Customization of Table chart settings

Charts

Table chart settings

Column width

By default, columns in table charts are auto-sized. However, should you wish to customize column sizing, you may do so in the chart’s settings.

Open your chart for editing and click the Settings button. Switch to the Columns tab, and click +Add New Formatting Rule.

Select your column, then select Percent from the Column Width dropdown and set your desired percentage. Other columns will auto-adjust size accordingly. Any text-overflow in your column will be truncated with an ellipsis, and the full text is viewable on hover.

Hidden columns on your chart

To hide a column, set its percentage width to 0.

Final result, setting the column width

In some instances, a column may appear to be “hidden” in a table chart.

For example, in this chart, there are four columns visible.

Table chart with not all rows visible

However, upon clicking on the “View all 1,000 rows and 5 columns”, the modal reveals the ‘State’ column in between columns ‘Company’ and ‘Zip’.

Expanding the View all Rows and Columns will reveal the hidden column

This is happening because the column width percentages are set in a way that is “hiding” the ‘State’ column. To resolve the issue, you will need to adjust the column width percentages in your chart settings.

Format your data columns from the chart settings

Long text fields in table charts

If you have a long text field that you would like included, you have several different options for displaying long text fields on your table chart.

Customizing text elements

Apply specific formatting styles to Table chart columns, such as date formatting or text color.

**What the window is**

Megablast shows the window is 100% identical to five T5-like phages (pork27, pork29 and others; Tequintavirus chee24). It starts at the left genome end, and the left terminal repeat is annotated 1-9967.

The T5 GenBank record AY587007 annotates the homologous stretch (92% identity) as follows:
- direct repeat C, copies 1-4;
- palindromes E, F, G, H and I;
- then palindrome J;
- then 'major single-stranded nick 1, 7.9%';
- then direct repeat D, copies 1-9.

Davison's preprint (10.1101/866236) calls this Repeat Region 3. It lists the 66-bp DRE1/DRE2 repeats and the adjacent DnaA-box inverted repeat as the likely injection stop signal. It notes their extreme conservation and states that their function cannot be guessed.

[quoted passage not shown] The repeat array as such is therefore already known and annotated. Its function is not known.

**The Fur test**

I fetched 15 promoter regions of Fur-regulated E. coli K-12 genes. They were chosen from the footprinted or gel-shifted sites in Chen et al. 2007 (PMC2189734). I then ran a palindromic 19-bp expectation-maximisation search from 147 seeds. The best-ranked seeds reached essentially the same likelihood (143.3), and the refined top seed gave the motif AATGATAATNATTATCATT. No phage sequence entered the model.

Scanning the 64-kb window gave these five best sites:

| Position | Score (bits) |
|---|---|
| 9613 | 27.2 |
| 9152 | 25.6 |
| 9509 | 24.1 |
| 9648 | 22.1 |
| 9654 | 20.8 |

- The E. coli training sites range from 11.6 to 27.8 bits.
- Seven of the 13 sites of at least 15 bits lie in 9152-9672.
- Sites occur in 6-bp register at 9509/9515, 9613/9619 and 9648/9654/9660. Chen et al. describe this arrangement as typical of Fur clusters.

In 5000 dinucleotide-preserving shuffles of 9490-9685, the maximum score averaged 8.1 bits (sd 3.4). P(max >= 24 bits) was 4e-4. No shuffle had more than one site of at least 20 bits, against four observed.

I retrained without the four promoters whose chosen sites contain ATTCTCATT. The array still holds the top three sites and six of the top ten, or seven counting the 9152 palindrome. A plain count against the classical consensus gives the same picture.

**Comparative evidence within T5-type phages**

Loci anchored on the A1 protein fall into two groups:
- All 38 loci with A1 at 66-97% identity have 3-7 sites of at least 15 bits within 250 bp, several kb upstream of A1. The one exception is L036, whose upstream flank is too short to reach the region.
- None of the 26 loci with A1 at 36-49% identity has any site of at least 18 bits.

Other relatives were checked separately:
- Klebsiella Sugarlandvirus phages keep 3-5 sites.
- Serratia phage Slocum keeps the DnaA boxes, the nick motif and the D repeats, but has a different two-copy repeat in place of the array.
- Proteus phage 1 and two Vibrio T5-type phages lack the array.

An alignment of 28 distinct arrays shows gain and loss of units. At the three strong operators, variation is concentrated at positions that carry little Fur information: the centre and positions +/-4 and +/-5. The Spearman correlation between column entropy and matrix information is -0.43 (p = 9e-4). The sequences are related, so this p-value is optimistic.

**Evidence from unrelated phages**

Open your chart for editing, and click the Settings button. In the Chart Settings, switch to the Columns tab. Set defaults under the Default Column Formatting section, or click Add New Formatting Rule to format an individual column.

To format a numeric column as currency, for example, add a new formatting rule and select Currency from the Number dropdown.

Data formats can be customized from the chart settings

Formatting dates

Each date bucket (month, week, day, etc.) offers different formatting options.

Example

Our chart is grouped by week number, and we want to instead show the date range for the week. In our Chart Settings, we’ll switch to the Columns tab, click + Add New Formatting Rule, and select our week column from the Format Column dropdown. Then we’ll select Long from the Week Formatting dropdown, and click Done and save the chart.

Adjust the week date display in the chart settings

Row totals and customized aggregations

You can add a row total for any numeric column in a table chart. Additionally, you can customize the aggregation type used for each column.

From within the Data Explorer, click the Chart Settings button.

Check the Show row aggregation for numeric columns checkbox. Click Done when finished.

Optional toggle for displaying row aggregations

The total row will always display on the chart, even if all of the rows don’t fit in the available chart space.